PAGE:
Australia investigating reports that China has halted coal imports

MELBOURNE (Reuters) - Australia is investigating media reports that China has stopped taking its coal shipments, Prime Minister Scott Morrison said on Tuesday, adding that such import quotas to support China’s market were “not uncommon”.

FILE PHOTO: Coal is unloaded onto large piles at the Ulan Coal mines near the central New South Wales rural town of Mudgee in Australia, March 8, 2018. Picture taken March 8, 2018. REUTERS/David Gray/File Photo

Trade industry reports late last week suggested that some Chinese ports had been told not to accept Australian thermal and metallurgical coal, and that Australian shipments were being sold along to other markets at the last minute.

China’s imports of coal had been expected to slow in the second half, after heavy imports earlier this year met with weaker than expected demand due to coronavirus-related disruptions.

“When it comes to coal, in China they do have their own coal industry and it is not uncommon that from time to time the Chinese government will have domestic quotas to support local production and local jobs in China,” Prime Minister Scott Morrison told journalists at a briefing in Queensland state.

“The arrangements they put around domestic quotas in coal production is not unusual,” he said, adding that Australia’s trade minister was investigating.

(Graphic: Australian thermal coal exports to China have slumped in 2020 amid flared trade tensions with Beijing - )

Traders and analysts said the halt could protect China’s its own struggling coal industry while allowing the perception it was taking a swipe at Australia without making such a move official.

China imposed hefty duties on barley in May and in August said it would investigate whether Australian wine was being dumped into its market.

(Graphic: China vs benchmark Australian coal prices since 2015 - )

“We think it’s another concerted effort by authorities to support the domestic market,” ANZ analyst Daniel Hynes said in a report. “As such, we don’t see any medium term implications. Nevertheless, this will weigh on prices of premium hard coking coal. Cargoes are taking a long time to be sold amid the confusion, with buyers treading carefully.”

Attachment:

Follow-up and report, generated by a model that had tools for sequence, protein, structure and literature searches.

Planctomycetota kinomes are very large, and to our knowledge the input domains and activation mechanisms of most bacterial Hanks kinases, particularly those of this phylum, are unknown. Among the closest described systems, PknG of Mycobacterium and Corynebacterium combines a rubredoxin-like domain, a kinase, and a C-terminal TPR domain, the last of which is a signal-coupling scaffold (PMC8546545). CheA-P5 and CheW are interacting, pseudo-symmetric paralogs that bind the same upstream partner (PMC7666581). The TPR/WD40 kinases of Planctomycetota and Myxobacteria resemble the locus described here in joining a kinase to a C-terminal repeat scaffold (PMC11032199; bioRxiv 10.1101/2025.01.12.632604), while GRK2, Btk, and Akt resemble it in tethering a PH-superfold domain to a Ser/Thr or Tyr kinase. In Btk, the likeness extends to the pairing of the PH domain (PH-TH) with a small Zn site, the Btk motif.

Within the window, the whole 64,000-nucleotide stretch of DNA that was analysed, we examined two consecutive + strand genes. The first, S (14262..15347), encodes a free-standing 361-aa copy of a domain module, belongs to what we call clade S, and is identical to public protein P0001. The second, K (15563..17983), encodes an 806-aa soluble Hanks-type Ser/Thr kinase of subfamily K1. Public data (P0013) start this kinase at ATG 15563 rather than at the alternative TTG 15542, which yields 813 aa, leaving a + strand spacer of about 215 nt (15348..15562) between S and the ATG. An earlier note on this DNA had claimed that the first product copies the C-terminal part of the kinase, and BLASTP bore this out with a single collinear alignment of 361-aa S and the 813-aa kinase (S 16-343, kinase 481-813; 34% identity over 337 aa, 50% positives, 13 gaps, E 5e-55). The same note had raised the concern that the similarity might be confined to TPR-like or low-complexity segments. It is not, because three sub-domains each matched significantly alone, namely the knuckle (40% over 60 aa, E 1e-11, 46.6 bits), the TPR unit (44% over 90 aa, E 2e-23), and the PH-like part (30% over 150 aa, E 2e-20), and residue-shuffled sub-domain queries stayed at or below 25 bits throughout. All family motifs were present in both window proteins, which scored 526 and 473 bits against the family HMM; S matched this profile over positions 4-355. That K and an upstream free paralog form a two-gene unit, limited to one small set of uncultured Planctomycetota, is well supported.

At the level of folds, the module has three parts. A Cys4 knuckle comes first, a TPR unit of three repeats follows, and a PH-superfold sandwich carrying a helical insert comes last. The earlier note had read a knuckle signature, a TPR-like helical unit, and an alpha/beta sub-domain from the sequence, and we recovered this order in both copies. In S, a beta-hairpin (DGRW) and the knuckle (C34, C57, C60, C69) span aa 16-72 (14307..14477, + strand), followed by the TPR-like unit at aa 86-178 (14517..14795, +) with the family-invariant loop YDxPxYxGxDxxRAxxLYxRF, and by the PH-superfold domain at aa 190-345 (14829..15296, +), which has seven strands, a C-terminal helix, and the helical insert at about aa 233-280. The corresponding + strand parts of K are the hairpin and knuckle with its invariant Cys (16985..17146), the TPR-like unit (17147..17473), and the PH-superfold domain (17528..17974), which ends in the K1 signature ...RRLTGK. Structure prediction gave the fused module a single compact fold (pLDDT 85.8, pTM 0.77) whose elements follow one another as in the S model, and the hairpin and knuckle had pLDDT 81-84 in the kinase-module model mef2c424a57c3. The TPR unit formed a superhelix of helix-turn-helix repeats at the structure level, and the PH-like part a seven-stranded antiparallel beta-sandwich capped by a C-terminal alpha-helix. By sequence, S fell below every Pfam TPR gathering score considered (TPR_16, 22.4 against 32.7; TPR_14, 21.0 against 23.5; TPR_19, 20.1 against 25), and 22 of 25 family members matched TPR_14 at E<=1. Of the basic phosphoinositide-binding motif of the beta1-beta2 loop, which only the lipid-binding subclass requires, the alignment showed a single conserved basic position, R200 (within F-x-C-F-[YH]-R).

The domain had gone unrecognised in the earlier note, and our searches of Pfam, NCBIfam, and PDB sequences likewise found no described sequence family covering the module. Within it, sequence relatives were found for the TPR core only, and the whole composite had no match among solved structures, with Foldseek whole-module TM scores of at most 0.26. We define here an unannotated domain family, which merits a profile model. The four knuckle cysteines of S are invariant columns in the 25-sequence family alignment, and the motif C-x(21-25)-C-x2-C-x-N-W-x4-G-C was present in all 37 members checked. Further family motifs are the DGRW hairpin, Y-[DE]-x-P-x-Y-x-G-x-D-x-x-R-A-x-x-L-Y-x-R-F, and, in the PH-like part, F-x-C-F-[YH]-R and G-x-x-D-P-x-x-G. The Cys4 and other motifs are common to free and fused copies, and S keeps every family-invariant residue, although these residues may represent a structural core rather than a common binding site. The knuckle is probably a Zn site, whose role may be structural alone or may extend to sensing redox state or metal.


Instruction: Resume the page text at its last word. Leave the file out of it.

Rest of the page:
Singapore coking coal futures SCAFc1 and Newcastle thermal coal futures NCFMc1 fell to their lowest in around two weeks on Monday, the most recent data showed.

Still, two traders and two analysts, speaking on condition of anonymity because of the sensitivity of the matter, pointed to China’s aggravation with Australia’s political positions as a factor behind the decision.

Diplomatic relations between the two countries soured in 2018 when Australia banned China’s Huawei Technologies Co Ltd [HWT.UL] from participating in its nascent fifth-generation (5G) broadband network.

Australia’s call for an independent inquiry into the origins of the novel coronavirus - which first emerged in China - further angered the government in Beijing.

On Oct. 8, trade publication IHS Markit reported that authorities at ports in Bayuquan and Jingtang in northern China and Fangcheng in the south had told buyers that Australian cargo would be rejected from discharge and clearing, effective Oct. 1. China’s “Golden Week” public holiday spanned Oct. 1-7.

China is the biggest importer of Australian coal, taking 27% of its metallurgical coal in the year to June and 20% of its thermal coal. Coal was Australia’s second-largest export last year, behind iron ore, worth A$55 billion ($39.52 billion).

(Graphic: China's coking coal imports origins - )

In the past month, China’s overall coal imports have been trending lower, with a steep drop seen in Australian cargoes and a milder drop seen in those from Indonesia, against an uptick in imports from Russia, China customs data showed, according to Rodrigo Echeverri at Noble Group.

Analysts forecast imports to fall by a quarter this year from last to about 80 million tonnes.

(Graphic: China's thermal coal imports origins - )

($1 = 1.3918 Australian dollars)

Reporting by Melanie Burton. Additional reporting by Muyu Xu and Min Zhang Aizhu Chen; Editing by Christopher Cushing and Gerry Doyle